- The gravitational force between two masses, e.g., between the Earth and the Sun, is defined by Newton’s Law of Universal Gravitation
- Newton’s Law of Universal Gravitation states:
The gravitational force FG between two masses m1 and m2 is proportional to the product of their masses and inversely proportional to the square of their separation, r
- In equation form, this is written as:
- FG = gravitational force between two masses (N)
- G = Newton’s gravitational constant
- m1 and m2 = mass of body 1 and mass of body 2 (kg)
- r = distance between the centre of the two masses (m)
- The 1/r2 relation is called the ‘inverse square law’
- This means that if the distance between two masses doubles, r becomes 2r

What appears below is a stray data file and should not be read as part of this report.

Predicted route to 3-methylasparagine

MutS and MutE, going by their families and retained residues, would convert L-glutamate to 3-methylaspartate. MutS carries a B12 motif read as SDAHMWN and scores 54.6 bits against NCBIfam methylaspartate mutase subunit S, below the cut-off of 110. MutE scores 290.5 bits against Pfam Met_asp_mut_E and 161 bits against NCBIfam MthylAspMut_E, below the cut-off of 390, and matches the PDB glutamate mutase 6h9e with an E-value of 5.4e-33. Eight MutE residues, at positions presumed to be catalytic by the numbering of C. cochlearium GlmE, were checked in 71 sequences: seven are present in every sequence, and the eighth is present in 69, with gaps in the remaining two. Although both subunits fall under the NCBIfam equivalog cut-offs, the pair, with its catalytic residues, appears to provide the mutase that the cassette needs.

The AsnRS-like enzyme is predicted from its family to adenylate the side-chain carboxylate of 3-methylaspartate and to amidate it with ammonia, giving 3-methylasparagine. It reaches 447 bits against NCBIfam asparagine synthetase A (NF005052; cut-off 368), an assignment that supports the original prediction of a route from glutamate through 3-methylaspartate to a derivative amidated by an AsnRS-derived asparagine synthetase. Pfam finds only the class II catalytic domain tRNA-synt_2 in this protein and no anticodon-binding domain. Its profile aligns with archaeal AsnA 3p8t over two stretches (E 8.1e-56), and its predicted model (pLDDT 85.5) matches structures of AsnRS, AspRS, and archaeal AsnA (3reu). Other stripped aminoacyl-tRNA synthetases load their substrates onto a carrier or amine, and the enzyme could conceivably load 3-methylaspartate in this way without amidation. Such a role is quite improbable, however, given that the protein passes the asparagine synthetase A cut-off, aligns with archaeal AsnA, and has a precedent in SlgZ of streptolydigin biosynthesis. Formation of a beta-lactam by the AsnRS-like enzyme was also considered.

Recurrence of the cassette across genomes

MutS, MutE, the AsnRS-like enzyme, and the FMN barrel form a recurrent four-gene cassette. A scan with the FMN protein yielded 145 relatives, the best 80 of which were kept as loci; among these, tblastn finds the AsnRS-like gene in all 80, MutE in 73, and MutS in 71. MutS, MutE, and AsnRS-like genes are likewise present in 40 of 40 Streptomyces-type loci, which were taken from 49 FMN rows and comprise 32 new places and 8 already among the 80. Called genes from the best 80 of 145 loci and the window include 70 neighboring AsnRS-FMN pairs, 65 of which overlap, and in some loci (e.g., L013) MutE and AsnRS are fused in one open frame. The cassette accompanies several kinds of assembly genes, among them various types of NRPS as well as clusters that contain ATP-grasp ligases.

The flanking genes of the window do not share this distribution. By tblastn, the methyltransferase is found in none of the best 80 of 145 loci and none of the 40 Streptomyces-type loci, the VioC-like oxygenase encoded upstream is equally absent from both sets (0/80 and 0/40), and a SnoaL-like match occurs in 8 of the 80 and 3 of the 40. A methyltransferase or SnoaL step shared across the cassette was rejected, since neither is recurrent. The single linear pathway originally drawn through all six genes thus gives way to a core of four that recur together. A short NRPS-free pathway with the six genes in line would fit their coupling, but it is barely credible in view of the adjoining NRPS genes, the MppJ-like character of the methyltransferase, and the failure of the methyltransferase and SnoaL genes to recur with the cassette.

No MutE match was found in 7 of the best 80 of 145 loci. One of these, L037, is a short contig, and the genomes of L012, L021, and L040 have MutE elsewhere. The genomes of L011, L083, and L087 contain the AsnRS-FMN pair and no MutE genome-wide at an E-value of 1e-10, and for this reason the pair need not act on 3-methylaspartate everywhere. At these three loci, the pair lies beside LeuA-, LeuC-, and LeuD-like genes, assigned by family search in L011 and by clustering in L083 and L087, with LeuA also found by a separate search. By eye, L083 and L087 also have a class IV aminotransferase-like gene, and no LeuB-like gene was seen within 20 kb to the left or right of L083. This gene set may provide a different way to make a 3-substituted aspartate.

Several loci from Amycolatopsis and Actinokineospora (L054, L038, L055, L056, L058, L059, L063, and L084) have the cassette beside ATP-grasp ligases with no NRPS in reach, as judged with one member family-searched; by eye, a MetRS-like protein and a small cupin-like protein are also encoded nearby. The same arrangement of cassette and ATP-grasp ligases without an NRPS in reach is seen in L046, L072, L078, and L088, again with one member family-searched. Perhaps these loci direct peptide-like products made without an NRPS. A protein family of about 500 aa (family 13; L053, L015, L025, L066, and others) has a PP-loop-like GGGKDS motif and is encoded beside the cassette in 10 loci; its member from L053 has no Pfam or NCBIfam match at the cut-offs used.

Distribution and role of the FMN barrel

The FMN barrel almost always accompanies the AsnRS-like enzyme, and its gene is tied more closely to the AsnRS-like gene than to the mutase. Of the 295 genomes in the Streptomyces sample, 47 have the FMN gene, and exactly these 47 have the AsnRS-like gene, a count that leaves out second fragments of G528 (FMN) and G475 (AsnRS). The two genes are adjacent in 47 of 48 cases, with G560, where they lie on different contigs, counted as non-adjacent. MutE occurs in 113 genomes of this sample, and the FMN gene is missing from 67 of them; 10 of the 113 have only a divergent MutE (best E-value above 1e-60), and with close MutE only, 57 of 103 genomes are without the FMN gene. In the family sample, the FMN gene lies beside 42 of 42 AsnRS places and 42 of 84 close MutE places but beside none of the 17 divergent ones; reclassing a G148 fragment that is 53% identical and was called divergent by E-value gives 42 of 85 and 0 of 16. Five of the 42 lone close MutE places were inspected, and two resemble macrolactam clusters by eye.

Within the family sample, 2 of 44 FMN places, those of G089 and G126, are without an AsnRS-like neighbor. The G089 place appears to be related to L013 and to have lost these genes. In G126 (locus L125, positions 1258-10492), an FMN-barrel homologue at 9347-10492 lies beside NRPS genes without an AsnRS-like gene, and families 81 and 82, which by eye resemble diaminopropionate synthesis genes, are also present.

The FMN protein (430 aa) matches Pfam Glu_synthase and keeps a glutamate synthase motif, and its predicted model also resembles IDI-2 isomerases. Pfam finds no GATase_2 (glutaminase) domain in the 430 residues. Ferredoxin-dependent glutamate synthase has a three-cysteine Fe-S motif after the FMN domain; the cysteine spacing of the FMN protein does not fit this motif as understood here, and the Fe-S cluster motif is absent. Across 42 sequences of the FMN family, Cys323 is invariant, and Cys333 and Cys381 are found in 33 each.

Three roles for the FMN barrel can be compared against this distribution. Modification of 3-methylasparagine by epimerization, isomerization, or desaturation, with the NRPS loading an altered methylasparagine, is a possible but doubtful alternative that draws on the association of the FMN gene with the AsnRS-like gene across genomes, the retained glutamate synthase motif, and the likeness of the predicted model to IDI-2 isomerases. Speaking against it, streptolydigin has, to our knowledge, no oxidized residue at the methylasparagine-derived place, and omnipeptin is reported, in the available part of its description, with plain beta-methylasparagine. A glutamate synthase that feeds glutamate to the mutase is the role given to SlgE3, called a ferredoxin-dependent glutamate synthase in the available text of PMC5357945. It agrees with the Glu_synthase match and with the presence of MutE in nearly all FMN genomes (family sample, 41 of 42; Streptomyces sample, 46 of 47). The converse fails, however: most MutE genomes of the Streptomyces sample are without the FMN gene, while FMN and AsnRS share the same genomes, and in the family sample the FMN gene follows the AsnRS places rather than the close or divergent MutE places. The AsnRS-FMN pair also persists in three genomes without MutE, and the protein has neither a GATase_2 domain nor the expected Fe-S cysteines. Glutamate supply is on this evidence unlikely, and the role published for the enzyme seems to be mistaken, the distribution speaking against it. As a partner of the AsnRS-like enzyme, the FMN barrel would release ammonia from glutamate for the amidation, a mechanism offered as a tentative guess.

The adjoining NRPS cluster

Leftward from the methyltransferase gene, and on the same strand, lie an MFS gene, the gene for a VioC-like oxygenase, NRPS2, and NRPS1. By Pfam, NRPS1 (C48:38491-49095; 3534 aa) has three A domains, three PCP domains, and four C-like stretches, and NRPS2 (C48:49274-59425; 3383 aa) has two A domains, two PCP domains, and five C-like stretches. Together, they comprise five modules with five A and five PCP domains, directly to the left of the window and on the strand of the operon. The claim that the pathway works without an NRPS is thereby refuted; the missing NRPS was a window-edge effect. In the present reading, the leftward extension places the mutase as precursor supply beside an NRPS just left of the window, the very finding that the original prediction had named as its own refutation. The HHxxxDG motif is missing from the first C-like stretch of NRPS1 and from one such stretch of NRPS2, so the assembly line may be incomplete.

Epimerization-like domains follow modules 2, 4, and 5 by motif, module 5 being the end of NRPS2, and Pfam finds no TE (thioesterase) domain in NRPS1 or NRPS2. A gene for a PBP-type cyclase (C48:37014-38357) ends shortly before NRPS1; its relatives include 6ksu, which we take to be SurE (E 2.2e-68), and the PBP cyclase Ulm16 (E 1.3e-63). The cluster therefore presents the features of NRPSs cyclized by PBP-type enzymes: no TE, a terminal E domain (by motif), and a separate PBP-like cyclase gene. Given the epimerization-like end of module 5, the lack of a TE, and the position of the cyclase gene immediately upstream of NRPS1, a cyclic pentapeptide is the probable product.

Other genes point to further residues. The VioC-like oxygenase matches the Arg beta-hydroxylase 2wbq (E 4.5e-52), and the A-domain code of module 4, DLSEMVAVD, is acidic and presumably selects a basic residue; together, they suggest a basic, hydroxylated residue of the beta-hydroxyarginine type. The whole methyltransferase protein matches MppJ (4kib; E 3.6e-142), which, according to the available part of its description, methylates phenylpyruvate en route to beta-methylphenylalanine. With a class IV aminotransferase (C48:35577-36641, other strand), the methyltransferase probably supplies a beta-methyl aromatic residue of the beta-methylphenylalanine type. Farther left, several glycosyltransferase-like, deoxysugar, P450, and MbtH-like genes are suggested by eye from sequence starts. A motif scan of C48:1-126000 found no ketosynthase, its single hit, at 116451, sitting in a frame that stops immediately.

- Therefore, 1/r2 becomes 1/(2r)2, which is equal to 1/4r2
- Hence, the gravitational force between the two masses reduces by a factor of four
The gravitational force between two masses is defined by Newton’s Law of Universal Gravitation
A satellite with mass 6500 kg is orbiting the Earth at 2000 km above the Earth's surface. The gravitational force between them is 37 kN.
Calculate the mass of the Earth.
(Radius of the Earth = 6400 km)
A common mistake in exams is to forget to add together the distance from the surface of the planet and its radius to obtain the value of r. The distance r is measured between the centre of each mass, which is from the centre of the planet to the centre of the satellite!
Another common mistake is forgetting that the distance between masses m1 and m2 is squared. Remember this whenever you use Newton's Law of Universal Gravitation!